She knew that words never traveled alone. She knew that El Duende was to blame for the world that changed on the turn of yesterday to today. The snow-white ghost has done what it had to do, taking her bleeding heart for a walk from Emily Dickinson to Virginia Wolf. When you pour the pain out on the paper, it hurts less – every word you utter leads you a little closer to your destiny, she wrote down, although, she knew, the day fifteen made her start counting the clear drops of blood that rumbled in her. On one side, a man set in stone. On the other, another one, whose distress hurts her much more. With him, every time she dropped her guard and let him close to her, she saw her future self standing in the line next to Ted Hughes and Sylvia Plath
. And she knew, oh how well she knew, that she was just one step away from the never trodden road to the open sky.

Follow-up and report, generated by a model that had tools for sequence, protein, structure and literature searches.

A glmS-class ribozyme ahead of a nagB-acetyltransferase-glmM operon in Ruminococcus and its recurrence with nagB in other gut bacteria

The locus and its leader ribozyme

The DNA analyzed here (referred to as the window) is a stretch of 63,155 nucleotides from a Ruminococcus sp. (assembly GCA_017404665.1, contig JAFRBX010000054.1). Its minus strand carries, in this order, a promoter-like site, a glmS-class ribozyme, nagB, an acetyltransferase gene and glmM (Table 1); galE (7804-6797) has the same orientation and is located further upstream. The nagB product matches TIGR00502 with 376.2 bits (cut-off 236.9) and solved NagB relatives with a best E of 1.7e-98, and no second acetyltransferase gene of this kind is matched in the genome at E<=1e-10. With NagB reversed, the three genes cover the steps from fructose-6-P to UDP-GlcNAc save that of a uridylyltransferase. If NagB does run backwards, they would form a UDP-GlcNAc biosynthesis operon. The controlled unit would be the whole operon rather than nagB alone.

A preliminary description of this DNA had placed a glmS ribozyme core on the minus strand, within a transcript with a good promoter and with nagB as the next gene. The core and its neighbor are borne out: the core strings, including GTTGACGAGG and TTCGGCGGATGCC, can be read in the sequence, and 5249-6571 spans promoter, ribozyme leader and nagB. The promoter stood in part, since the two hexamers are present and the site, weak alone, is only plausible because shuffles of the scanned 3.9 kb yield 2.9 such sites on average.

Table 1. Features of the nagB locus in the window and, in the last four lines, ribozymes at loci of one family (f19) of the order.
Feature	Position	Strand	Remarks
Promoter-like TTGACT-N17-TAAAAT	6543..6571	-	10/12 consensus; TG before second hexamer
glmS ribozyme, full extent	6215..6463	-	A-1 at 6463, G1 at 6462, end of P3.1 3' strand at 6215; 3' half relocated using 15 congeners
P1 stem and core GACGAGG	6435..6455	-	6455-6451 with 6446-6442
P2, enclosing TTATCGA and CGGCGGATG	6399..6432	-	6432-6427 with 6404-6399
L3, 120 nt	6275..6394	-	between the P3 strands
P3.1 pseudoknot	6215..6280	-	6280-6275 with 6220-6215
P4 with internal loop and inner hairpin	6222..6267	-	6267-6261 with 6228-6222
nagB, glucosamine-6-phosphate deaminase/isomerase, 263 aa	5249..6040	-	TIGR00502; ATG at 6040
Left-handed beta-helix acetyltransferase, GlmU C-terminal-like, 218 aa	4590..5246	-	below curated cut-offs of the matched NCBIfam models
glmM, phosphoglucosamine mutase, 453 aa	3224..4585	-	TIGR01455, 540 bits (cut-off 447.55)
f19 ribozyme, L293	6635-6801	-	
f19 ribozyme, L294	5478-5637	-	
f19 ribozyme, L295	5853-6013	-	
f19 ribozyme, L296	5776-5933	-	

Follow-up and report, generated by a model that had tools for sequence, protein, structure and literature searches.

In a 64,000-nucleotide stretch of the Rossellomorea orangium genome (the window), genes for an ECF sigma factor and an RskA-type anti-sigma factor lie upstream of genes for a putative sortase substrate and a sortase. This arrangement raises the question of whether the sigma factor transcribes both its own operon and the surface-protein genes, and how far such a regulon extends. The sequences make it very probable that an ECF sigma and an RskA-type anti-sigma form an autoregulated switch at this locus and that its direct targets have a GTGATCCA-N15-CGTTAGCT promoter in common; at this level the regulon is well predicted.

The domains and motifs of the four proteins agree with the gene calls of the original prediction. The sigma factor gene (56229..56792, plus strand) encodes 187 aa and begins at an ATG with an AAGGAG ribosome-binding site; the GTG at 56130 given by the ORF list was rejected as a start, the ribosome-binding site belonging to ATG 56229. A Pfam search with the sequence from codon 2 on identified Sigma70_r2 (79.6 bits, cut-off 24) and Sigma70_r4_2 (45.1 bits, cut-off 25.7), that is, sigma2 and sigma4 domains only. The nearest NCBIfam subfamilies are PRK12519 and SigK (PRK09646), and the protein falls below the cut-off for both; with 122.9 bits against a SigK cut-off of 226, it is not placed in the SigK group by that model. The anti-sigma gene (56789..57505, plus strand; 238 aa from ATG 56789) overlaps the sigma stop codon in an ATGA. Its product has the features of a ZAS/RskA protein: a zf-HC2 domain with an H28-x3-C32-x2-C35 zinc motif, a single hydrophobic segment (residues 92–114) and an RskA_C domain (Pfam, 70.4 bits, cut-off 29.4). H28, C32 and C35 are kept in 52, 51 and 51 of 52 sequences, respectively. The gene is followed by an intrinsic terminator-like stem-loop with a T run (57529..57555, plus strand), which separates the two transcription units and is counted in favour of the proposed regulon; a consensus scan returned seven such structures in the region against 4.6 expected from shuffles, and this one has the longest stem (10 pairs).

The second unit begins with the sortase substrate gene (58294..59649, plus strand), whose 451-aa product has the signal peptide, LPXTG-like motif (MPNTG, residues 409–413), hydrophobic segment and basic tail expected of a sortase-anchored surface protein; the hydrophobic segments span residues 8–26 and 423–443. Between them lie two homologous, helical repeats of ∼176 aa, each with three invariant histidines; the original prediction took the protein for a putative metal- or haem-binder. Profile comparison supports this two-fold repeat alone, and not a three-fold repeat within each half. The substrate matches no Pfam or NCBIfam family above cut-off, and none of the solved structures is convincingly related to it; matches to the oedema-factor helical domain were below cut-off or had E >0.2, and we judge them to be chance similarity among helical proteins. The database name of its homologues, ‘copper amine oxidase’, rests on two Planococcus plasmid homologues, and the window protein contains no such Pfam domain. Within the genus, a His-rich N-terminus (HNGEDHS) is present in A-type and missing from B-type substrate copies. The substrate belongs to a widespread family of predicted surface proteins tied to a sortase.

Every time experienced anew, a losing game to the death. It’s all El Duende’s fault, she said, for throwing me in the bottomless abyss of pain, where only the one who whispered those sweet, bitter, impossible words of promised happiness thorough the ghost, only he can find me. Do not run away from your destiny, no one has managed to escape from it yet, she wrote down, and she knew that the phantasm was telling her the truth, but she just wasn’t ready to face it. Today. She closed the door of the balcony and locked the howling wind on the other side, wailing, lamenting, raging at her sudden, inexplicable decision to ban him from residing in her apartment. In her thoughts. In her city. In her bedroom.
—You discarded me, he said. —I thought you were the one who left first, she answered. —There is no way of surviving you, he admitted, the way she always imagined he’d admit it. But that was yesterday.
The words kept coming and she knew, the words never come alone. It’s all to El Duende’s fault. And Fellini’s La Dolce Vita. And a painter’s, in whose arms she greeted the new dawn.